If the server in any of the scenarios above were to crash it is possible your website files could be lost forever. Reputable providers take into account redundant measures to ensure your site files are backed up and your website remains accessible nearly 100% of the time. Sometimes you have to pay a little bit more for this backup service, but trust me it is worth every penny.

I invite you to share your own horror stories and how you resolved the issue by leaving a comment below.

The SEO Glossary – Industry Jargon Defined

By | Business Intelligence, Definitions, Search Engine Marketing, Tips and Tricks | One Comment

Whether you’re just looking to pick up a few new terms or you want to scour all the jargon forwards and backwards, the gang over at SEOmoz has created a great SEO Glossary for anyone interested in all the fun terms and acronyms that are essential to today’s search marketing professionals. Most of it is serious, but there are a few funny bits like:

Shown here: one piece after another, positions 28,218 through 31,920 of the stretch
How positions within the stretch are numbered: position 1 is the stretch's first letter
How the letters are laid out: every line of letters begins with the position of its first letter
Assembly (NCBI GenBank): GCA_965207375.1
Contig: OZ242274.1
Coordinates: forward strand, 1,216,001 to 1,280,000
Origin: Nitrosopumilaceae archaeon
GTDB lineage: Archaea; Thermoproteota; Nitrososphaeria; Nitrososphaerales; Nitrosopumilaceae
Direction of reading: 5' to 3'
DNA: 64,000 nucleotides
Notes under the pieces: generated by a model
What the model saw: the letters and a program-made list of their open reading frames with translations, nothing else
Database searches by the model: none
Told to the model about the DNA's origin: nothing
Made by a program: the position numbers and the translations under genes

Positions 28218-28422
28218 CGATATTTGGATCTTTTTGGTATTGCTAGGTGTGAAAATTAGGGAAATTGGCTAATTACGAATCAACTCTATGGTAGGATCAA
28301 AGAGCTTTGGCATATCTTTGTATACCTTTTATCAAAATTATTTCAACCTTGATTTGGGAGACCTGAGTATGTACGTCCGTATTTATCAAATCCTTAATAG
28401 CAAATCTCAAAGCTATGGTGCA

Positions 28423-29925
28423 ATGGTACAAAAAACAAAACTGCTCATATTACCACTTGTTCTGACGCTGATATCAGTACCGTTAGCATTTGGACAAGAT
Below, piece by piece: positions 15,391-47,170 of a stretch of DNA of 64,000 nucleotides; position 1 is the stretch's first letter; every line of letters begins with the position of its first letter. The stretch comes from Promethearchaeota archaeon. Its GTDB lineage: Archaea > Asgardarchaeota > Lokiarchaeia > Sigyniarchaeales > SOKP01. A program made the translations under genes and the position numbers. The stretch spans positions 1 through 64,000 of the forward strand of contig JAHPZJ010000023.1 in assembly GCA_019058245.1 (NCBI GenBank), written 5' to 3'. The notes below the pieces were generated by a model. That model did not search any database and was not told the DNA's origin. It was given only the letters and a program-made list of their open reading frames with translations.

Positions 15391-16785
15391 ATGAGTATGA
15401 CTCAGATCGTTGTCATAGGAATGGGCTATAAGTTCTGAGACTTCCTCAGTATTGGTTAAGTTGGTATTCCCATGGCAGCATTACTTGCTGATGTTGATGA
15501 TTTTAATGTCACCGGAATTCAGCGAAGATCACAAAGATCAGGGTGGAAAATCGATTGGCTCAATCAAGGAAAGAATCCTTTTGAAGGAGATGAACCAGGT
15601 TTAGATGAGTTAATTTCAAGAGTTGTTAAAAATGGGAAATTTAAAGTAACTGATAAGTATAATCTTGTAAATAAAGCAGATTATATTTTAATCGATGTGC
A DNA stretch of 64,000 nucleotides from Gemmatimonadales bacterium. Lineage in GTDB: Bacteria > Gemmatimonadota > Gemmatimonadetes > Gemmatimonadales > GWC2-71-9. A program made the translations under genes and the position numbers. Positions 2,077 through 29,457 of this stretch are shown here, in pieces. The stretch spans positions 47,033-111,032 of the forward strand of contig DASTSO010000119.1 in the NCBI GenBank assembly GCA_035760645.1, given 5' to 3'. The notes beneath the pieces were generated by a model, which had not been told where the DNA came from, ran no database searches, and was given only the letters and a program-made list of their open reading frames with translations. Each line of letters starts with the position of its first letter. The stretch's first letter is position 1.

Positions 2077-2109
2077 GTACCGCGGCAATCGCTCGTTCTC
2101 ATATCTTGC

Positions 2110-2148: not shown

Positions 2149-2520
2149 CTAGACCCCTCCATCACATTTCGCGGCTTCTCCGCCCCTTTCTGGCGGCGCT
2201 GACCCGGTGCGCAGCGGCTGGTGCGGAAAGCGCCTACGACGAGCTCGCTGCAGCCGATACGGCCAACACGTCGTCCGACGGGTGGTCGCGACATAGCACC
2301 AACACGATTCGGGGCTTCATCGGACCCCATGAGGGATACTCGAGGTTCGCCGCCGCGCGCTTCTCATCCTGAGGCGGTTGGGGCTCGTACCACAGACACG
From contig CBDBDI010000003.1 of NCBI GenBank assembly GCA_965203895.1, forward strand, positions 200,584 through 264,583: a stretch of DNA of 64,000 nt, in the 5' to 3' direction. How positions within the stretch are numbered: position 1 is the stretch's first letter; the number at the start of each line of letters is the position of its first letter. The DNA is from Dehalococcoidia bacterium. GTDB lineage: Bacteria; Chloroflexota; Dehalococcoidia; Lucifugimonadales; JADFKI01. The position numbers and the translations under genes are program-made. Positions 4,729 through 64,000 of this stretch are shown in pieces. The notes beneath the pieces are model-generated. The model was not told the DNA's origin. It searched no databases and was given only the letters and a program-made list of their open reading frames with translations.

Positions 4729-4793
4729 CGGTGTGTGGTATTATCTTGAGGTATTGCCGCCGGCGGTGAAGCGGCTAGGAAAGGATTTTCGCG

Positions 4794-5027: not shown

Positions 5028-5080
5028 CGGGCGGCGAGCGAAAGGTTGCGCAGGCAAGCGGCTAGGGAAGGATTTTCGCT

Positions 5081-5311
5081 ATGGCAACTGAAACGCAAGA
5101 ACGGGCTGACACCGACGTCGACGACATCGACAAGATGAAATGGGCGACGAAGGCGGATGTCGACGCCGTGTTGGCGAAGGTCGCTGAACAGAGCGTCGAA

SMWC (Slapping Myself With Celery) indicates an extreme reaction similar to a “spit take” but more vegan-trendy. Often combined with other exclamatory acronyms. – WTF/SMWC, or perhaps ROTFL/SMWC.

While their list format is not the easiest to get through, this is the most complete list I have seen. I also recommend the SEO Dictionary for quick reference.

Why We’re Not Adding a Sphinn It Button to Our Blog

By | Business Intelligence, Tips and Tricks, Westward Strategy, What Are People Saying | One Comment

I’m sure most of you read that headline and said “What’s a Sphinn it button?” Which is exactly the reason we’re not adding one to the blog.

Sphinn.com is, according to the website, “a social site for search and interactive marketers. It’s designed to allow you to share and discover news stories, read and take part in discussions, discover events of interest and network with others”.